Paternity analysis, pollen flow, and spatial genetic structure of a natural population of Euterpe precatoria in the Brazilian Amazon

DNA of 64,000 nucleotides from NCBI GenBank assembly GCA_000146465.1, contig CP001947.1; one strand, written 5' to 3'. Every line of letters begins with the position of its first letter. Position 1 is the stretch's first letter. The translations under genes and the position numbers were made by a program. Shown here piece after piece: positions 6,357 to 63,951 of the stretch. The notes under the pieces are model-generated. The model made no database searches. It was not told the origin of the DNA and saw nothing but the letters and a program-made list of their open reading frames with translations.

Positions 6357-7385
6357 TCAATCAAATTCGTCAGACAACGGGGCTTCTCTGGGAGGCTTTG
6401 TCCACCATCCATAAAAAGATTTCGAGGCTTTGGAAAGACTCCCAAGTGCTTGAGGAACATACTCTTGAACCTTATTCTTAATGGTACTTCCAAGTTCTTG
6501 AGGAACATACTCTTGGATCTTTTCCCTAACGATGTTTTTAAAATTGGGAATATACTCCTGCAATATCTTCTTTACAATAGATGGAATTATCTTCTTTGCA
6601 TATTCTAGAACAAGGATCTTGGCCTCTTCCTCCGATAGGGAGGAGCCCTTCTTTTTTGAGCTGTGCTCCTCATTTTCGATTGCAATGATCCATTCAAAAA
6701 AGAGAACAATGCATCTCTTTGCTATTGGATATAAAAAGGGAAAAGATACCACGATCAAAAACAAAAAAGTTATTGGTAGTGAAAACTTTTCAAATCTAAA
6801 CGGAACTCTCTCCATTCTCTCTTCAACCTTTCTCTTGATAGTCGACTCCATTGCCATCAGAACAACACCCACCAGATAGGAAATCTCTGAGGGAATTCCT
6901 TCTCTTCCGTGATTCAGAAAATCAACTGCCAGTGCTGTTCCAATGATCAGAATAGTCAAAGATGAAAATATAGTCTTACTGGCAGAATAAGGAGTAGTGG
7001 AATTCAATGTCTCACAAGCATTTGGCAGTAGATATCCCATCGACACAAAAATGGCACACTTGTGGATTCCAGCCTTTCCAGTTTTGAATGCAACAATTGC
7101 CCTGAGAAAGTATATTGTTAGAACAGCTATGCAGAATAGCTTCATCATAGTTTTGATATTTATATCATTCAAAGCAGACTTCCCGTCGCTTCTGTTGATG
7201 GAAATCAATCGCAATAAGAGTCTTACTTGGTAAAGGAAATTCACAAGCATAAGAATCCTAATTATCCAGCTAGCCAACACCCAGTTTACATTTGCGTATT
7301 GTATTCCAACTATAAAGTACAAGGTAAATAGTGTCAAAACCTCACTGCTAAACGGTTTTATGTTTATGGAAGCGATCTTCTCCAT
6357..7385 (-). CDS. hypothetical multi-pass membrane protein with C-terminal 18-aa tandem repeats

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Euterpe precatoria, known as acai do Amazonas, is a regionally important palm of the Amazon rainforest for the fruit production through extractive agriculture. Little information is available with regard to genetic diversity, gene flow, and spatial genetic structure (SGS) of acai populations, which are essential for the use, management, and conservation of genetic resources of the species. This research aimed to assess the genetic diversity, inbreeding level, SGS, and gene flow in four ontogenetic stages of a natural E. precatoria population in the Brazilian Amazon, based on 18 microsatellite loci. The study was carried out in a natural population dispersed in an area of about 10 ha. Leaf tissues of 248 plants were mapped and sampled and classified into four ontogenetic stages: reproductive (59), immature (70), young (60), and seedling (59). Genetic diversity indices were high for all ontogenetic stages. The fixation index (F) for all ontogenetic stages was not significantly different from zero, indicating the absence of inbreeding. A significant SGS was found for all ontogenetic stages (68-110 m), indicating seed dispersal over short distances. Paternity analysis detected pollen immigration of 39.1%, a selfing rate of 4.2%, and a mean pollen dispersal distance within the population of 531 m. The results indicate substantial allele input in the population via pollen immigration, contributing to the maintenance of the genetic diversity of the population. However, within a population, the renewal with new progenies selected from seed plants spaced at least 110 m apart is important to avoid collecting seeds from related plants.